In William Cullen Bryant’s poem, “An Inscription for the Entrance to a Wood,” escapism is expressed through the power and peacefulness of nature. Bryant begins the poem by admitting that it requires “no school of long experience, [to know] that the world/Is full of guilt and misery” (Bryant). The speaker encourages those who “hast seen/Enough of all its sorrows, crimes, and cares,/To tire thee of it, enter this wild wood” (Bryant). This poem makes it apparent that life is hard as it can sometimes be full of disappointments and sadness, but offers hope in the fact that nature is a place where one can escape from all of that. Being surrounded by “the calm shade/Shall bring a kindred calm, and the sweet breeze/That makes the green leaves dance, shall waft a balm/To thy sick heart” (Bryant). No matter what one may be going through and currently experiencing, nature can help to heal a heart that is in pain. Nature has the power to offer escape through its vast beauty and the fact that the sublimity of it allows one to feel small in comparison, as the day’s trials become diminished in the company of it. The speaker explains that if escape is needed “thou wilt find nothing here/Of all that pained thee in the haunts of men/And made thee loathe thy life” (Bryant). Nature is void of the pains of reality as the serenity and bliss that it offers can make one enjoy life again, even if just momentarily. Just as many insects and animals find their inhabitance and life to be dependent on nature, the speaker expresses that nature can bring people back to life, too as “throngs of insects in the shade/Try their thin wings and dance in the warm beam/That waked them into life” (Bryant). As the toils of reality begin to dull a person’s spirit, escaping to nature can reawaken one to the beauty and wonder of life. Nature can allow one to “breathe fixed tranquility,” and find peace apart from the demands of everyday life (Bryant). Nature can be calm and has the power to soothe sadness as it is a place to escape to that is not demanding anything in return. Listening to a gentle stream as it “sends forth glad sounds, and tripping o’er its bed/Of pebbly sands, or leaping down the rocks,/Seems, with continuous laughter, to rejoice In its own being,” it is clear that nature is a place that one can go to seek refuge from pain and struggle, and where one can be separated from reality (Bryant). Bryant’s poem examines the need for escape and the power of nature as a means of escapism as it offers a serene and peaceful place for one to remember that life is still as beautiful as the innocent and naïve versions of ourselves once thought it to be.
Edgar Allan Poe’s poem, “Dreams,” focuses on the potential of dreams to serve as a necessary escape from an unfulfilling or unhappy existence. The speaker of the poem regards dreams as being “better than the cold reality of waking life, to him whose heart must be,/And hath been still, upon the lovely earth,/A chaos of deep passion, from his birth” (Poe). Poe is a writer who continuously focuses on themes that have little to no place in actual reality, as he experienced his own hardships in life that he preferred to not express in his works. Poe must have found his own value in dreams, as he faced a hard life immediately after the innocence of his childhood. While sleeping and allowing the mind to escape to a dream, “’twere folly still to hope for higher Heaven./For I have revell’d when the sun was bright/I’ the summer sky, in dreams of living light” (Poe). In a dream, anything is possible as one can feel completely removed from current struggles. Sleeping and dreaming are a means of escape as the mind takes itself to someplace else. The speaker of Poe’s poem expresses that “I have been happy, tho’ [but] in a dream./I have been happy—and I love the theme” (Poe). This line in the poem seems to reveal that happiness is not attained, nor a known feeling in his daily life, as pain of loss and the sorrow associated with continuous struggle can prevent it. While dreaming, however, the speaker escapes to a place where happiness can be found, where reality temporarily has no bearing. Being awake is being subjected to harsh realities, but “dreams! in their vivid colouring of life/As in that fleeting, shadowy, misty strife” are an alternative to that (Poe). The knowledge of being able to dream makes life much more bearable as there is a place where one can momentarily escape to. Dreams bring “to the delirious eye, more lovely things/Of Paradise and Love—and all our own!” (Poe). Poe’s poem seems to celebrate the wonderful capacity of dreams to carry one’s mind away from a dark reality that can sometimes seem inevitable, to a place where none of that seems to exist. In a dream, escapism is possible as the mind can take itself anywhere, and a deep sleep is a temporary time of peace amid struggle.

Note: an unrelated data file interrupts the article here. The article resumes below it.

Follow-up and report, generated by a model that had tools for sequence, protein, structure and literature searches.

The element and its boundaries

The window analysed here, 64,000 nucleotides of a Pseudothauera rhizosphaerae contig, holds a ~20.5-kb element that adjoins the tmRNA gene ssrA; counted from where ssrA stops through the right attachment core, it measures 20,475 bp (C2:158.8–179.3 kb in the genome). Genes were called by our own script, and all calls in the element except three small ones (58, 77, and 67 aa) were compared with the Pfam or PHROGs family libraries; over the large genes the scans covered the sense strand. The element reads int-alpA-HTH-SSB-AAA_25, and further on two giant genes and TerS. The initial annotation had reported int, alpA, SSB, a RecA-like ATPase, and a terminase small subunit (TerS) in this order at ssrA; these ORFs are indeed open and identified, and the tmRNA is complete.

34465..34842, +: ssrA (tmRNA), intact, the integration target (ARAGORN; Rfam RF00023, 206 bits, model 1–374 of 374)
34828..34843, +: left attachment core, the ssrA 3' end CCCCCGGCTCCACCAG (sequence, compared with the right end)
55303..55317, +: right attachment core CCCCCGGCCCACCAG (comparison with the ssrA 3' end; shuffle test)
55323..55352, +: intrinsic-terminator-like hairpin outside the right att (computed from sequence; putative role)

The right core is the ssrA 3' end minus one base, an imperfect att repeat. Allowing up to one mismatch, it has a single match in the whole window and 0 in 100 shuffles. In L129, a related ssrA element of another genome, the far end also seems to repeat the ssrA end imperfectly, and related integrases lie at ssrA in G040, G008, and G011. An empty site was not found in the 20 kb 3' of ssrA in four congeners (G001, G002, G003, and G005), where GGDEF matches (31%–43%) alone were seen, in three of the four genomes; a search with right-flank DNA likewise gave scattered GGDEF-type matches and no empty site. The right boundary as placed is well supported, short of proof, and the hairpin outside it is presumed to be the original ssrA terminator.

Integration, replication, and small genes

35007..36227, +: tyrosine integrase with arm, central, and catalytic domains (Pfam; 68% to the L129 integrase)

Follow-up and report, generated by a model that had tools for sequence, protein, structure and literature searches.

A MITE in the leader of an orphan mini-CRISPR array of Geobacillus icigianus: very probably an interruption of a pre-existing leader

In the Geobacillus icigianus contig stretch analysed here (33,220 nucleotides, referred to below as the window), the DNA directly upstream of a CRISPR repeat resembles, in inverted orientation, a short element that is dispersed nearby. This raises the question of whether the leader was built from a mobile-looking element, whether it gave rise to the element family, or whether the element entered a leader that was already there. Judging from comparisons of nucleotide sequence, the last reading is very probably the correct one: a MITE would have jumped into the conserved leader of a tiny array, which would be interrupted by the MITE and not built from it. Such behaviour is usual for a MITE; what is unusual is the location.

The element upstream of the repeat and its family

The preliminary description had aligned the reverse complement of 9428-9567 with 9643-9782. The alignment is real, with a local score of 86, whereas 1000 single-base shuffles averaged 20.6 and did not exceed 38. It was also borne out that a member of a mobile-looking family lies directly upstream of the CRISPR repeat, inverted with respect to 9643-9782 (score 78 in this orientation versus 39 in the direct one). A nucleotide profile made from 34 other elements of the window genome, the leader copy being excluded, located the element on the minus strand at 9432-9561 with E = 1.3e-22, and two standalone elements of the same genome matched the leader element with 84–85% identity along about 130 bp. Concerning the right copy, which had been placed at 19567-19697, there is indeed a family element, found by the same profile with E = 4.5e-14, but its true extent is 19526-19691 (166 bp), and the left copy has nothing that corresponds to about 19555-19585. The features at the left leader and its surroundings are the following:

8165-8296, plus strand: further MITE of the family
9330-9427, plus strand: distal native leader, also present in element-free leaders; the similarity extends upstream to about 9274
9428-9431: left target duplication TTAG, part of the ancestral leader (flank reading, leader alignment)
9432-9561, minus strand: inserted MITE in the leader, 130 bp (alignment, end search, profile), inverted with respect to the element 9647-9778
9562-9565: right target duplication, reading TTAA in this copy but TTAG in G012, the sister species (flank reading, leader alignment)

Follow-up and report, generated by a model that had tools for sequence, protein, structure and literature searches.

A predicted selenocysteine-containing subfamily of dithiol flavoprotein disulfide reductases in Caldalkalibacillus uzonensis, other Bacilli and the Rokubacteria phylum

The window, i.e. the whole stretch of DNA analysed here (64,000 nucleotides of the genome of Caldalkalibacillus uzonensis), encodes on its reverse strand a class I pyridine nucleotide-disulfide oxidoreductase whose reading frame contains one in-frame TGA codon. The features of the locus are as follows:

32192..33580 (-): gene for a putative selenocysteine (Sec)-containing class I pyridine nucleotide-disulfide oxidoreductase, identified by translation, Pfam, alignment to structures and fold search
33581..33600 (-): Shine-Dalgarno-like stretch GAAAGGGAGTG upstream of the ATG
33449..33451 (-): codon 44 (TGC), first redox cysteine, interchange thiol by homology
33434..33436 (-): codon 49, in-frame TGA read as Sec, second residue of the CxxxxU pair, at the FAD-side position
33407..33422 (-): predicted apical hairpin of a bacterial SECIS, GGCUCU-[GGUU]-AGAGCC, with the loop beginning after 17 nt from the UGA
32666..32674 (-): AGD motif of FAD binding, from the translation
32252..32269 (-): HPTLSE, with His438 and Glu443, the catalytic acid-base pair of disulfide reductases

Escapism has long been a powerful topic in literature as it provides a space for one to find freedom from the pains of reality. Philip Freneau, William Cullen Bryant, and Edgar Allan Poe are three poets that all seem to find value in a poetry of escape. Literature and poetry inherently are a means of escape as the minds of readers are brought to another world and another place as they read them. But in their various poems, these writers further examine the nature of escape through writing about ways that one can momentarily find solace even during times of immense challenges. Reality can be dark, harsh, and full of sorrow, and Freneau, Bryant, and Poe all seem to address this in their poems. Although they each focus on different ways to find an escape from the lack of fulfillment offered from daily life, they thoroughly express the beauty and importance in it. In his poem, “The Power of Fancy,” Freneau centers his poem on the ability of the mind to escape from pain and sadness through fancy and imagination. Freneau views these two faculties of the mind as being modes in which one can wander to happier places, and be faraway from reality, even if just temporarily. Bryant’s poem, “An Inscription for the Entrance to a Wood,” emphasizes the power of nature as a means of escape. According to his poem, escapism can be found through nature as it offers solace, peace, serenity, and tranquility, a desired change of pace from a demanding, exhausting reality. In Poe’s poem, “Dreams” he regards sleeping and dreaming as being an escape from an existence of discontent. Poe reveals in his poem that happiness can be found while dreaming as the mind can allow one to wander to a better place, and to better times.